Once you have identified how accounts are created, you will need to identify who is accountable for what, any reviews that are happening, and any holes that exist in your current data governance policy (or patchwork solution).

Using this information, you can establish your data minimums (what information absolutely has to be provided for each account) and how that data is formatted (for example, is Washington abbreviated to WA?)

Prune Any Junk Accounts & Identify Any Gaps in Your Data

You will also need to identify any bad or junk accounts you have in your system. Not all data is useful, so you need to have criteria for determining which data can be deleted safely and what needs to be held on to. Removing unneeded data from your CRM (customer relationship management system) frees up space and can reduce the cognitive load on your team.

You should also take this opportunity to identify any missing or duplicate data so you can determine how to get the data you need and what data can be pruned.

Once you have a plan, you will be able to identify what gaps exist in your data so that they can be filled.

Meet Periodically & Update Your Data Governance Strategy as You Grow

This policy will need to change and adapt as your company grows, so keep in mind that you should always be looking to the future and planning ahead. If you go from being an SMB to an enterprise-sized organization, what data sets and data sources are important to you will change, and your policy will need to adapt to those changes.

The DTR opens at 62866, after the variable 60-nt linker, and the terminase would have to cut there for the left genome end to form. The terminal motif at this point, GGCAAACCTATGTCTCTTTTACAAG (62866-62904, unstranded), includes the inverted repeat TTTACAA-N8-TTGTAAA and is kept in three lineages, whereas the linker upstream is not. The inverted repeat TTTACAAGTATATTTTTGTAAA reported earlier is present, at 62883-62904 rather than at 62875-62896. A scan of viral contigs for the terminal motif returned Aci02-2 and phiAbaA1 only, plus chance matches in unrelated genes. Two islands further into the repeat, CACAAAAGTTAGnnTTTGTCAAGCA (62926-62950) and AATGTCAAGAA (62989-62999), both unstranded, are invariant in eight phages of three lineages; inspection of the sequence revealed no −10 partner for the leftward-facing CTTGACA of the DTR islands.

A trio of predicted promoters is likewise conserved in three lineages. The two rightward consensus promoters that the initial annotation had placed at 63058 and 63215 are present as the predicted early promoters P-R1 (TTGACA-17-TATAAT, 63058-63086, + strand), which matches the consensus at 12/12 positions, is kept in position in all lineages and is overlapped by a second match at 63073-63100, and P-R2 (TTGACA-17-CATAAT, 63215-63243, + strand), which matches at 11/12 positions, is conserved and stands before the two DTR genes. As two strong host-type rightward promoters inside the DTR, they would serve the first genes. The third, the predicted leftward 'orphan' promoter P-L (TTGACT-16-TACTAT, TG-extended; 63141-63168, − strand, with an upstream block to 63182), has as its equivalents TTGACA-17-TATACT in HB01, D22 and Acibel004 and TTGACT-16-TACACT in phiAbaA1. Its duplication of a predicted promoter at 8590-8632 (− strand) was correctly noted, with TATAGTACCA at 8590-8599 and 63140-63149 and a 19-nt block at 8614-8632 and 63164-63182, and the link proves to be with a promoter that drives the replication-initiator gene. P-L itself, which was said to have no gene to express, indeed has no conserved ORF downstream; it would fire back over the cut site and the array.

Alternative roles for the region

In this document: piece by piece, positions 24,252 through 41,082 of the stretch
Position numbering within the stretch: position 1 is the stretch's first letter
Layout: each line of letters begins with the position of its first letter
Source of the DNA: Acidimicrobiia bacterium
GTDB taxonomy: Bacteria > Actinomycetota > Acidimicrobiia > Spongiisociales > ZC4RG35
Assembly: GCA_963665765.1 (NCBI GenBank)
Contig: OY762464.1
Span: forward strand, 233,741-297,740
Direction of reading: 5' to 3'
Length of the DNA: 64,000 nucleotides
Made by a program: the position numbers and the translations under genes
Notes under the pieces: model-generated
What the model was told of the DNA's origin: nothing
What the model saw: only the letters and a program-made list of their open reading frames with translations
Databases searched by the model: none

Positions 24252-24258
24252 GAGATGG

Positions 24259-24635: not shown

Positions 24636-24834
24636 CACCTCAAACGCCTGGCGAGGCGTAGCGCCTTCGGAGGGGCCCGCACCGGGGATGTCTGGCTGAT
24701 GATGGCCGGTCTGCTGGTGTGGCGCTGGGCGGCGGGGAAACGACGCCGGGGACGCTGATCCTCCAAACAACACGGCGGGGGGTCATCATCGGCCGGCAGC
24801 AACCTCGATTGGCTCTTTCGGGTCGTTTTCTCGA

It might help to schedule a recurring meeting to review your data governance strategy and ensure it is continuing to meet your needs, discuss any issues that have arisen since the last meeting, and bring any new stakeholders up to speed.

Clean Your Data

You also need a policy for cleaning your data as it comes in. In this context, cleaning refers to:

  1. Standardizing what data is collected.
  1. How data is stored (including how it is formatted).
  1. Creating a process for removing inaccurate, out-of-date, or unneeded data from your systems.
  1. Creating a process for getting data into your different accounts.
  1. Creating a process for deleting junk accounts.
  1. Determining who is able to access what data.
  1. Creating an auditing process
  1. Ensuring you are storing data in a way that ensures compliance with any regulations that apply.

Automating your data cleaning process (removing unneeded data before it is stored) reduces the amount of time your team needs to spend sifting through your data and pruning it. You should also create standards for each department that hold them accountable for the data they own to ensure your data is clean, organized, stored correctly, and being stored in a way that complies with any relevant legislation.

Taking the time to invest in a robust data governance policy that can adapt and change as you grow is critical, freeing up your sales reps to focus on their jobs instead of cleaning up and sifting through massive amounts of data. It can also prevent reps from fighting over accounts by clearly defining how accounts are divided up and who gets which account or territory.

How Can Fullcast Help?

Fullcast is a comprehensive platform for revenue operations that seamlessly connects your strategy and operations and is specifically designed to help you keep your data clean and organized. Fullcast presents your data in an easy-to-use, easy-to-digest format and can help with a variety of critical tasks, including territory and segmentation models, coverage models, and quota and target planning.

For more information, please book your demo.

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Fullcast was built for RevOps leaders by RevOps leaders with a goal of bringing together all of the moving pieces of our clients’ sales go-to-market strategies and automating their execution.